• Gels are made with water and propylene glycol, a synthetic alcohol. Like creams, they're easy to apply.
  • Solutions, foams, and lotions usually contain oil, water, and chemicals and are used on your scalp.


Topical steroids come in both oily and non-greasy options. The type prescribed varies based on the area of skin where it will be applied.

Classification by Strength 

Topical steroids come in a range of strengths and are divided into seven classes based on how strong they are. The strongest steroids are in Class I (class one) and the weakest steroids are in Class VII (class seven).

Class I topical steroids are approximately 600 to 1,000 times stronger than those in Class VII.

It is important to note that the percentages listed on a product label do not reflect the product's strength. For example, a 0.01% Class I topical steroid is far more potent than a 3% Class VII steroid.

Treatment Considerations

The appropriate steroid strength, or potency, depends on a variety of factors.

For example, babies absorb topical steroids much faster than adults, so they may require a low-potency steroid.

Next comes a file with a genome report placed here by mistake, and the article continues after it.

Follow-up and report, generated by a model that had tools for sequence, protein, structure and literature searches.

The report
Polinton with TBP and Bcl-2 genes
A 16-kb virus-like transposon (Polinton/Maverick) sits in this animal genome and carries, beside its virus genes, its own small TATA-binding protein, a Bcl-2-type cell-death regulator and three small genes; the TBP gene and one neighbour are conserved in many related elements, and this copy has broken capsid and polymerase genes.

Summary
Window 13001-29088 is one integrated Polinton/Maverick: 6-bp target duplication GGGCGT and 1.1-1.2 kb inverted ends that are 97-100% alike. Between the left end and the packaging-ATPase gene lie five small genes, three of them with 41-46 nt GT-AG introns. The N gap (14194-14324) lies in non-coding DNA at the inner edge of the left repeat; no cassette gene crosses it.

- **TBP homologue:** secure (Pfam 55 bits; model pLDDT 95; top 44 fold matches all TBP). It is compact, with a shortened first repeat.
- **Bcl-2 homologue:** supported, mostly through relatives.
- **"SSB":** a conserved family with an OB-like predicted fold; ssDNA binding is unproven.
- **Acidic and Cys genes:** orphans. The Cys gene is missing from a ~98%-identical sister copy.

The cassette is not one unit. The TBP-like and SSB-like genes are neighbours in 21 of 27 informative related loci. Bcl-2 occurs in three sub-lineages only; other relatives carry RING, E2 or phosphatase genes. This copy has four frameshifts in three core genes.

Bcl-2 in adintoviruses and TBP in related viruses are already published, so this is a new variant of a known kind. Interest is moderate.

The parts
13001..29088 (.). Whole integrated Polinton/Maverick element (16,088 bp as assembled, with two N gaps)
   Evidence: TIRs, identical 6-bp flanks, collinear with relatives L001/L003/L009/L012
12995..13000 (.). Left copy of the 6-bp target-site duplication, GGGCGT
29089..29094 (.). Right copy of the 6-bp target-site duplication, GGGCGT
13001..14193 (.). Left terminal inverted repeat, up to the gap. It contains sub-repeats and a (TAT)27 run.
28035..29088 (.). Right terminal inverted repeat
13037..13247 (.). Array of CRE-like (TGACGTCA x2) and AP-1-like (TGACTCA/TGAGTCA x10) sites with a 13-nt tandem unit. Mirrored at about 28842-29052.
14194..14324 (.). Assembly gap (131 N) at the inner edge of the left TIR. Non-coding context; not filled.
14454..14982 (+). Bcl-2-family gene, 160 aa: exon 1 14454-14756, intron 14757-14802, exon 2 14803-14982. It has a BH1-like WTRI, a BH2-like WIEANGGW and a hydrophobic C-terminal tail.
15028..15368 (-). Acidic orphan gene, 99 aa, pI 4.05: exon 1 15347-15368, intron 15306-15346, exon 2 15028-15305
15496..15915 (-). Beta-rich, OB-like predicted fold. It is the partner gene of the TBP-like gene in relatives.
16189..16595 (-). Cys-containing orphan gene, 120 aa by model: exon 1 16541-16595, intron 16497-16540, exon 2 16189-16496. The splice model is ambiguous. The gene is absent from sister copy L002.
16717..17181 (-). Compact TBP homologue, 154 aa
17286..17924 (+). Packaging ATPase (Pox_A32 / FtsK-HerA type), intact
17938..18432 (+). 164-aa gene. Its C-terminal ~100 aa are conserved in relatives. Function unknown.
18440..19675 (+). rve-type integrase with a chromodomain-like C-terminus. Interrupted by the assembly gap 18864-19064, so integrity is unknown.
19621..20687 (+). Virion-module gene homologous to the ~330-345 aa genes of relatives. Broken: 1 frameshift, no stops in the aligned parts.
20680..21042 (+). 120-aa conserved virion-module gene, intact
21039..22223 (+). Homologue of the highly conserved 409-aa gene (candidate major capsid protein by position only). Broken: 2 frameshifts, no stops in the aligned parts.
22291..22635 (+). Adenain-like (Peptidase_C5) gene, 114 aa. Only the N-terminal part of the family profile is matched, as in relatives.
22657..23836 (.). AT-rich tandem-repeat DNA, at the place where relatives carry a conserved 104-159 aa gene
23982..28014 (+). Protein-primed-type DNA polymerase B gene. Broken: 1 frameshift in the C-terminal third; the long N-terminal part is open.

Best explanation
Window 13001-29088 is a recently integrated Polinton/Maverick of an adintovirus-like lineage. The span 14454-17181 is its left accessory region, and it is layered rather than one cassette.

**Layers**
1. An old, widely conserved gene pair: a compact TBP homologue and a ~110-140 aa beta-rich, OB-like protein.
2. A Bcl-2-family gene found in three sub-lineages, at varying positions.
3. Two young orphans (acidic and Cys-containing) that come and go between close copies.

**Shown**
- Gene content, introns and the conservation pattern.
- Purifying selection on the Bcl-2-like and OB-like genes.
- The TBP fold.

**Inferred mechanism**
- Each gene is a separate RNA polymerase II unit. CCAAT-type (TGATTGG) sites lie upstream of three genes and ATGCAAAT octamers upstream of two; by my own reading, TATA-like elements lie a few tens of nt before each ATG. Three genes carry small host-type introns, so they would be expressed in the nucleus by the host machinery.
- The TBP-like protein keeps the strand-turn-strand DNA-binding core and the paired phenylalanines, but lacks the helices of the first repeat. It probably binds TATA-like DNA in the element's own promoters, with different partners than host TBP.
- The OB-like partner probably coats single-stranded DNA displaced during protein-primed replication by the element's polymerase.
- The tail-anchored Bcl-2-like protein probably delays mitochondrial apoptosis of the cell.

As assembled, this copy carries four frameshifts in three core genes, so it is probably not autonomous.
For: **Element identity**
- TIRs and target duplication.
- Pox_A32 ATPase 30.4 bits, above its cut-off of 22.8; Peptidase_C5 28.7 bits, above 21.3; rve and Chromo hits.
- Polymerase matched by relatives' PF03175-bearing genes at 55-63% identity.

Areas of the body where skin touches skin, such as the armpits or under the breasts, or sensitive areas of skin such as the eyelids, also absorb topical steroids quickly and may only need a low-potency formulation.

However, thick, rough skin on the palms of your hands and the soles of your feet usually absorbs topical steroids more slowly than other parts of the body, so those areas typically require a more potent steroid.

The greater the potency of a topical steroid, the greater the risk of side effects.

Side Effects

Common side effects of topical steroids include:

  • Skin thinning
  • Easy bruising
  • Enlarged blood vessels (telangiectasia)
  • Thickening of hair (hypertrichosis)
  • Stretch marks in the armpits or groin
  • Burning or stinging where the medication is applied

Your healthcare provider can help you weigh the risks and benefits of using a topical steroid and to find a strength that may be best suited for your skin condition.

How long the drug should be used will also vary based on your condition.

Follow all instructions for using the drug properly and contact your provider if it isn't helping with your symptoms or it leads to more irritation. You may need a change in potency or formulation or you may need to stop using the medication.

Medication Options

There are many medications and formulations within each class of topical steroids.

Topical Steroid Class I

The highest potency topical steroids include:

  • Temovate (clobetasol propionate) 0.05% ointment
  • Ultravate (halobetasol propionate) 0.05% cream, ointment, or lotion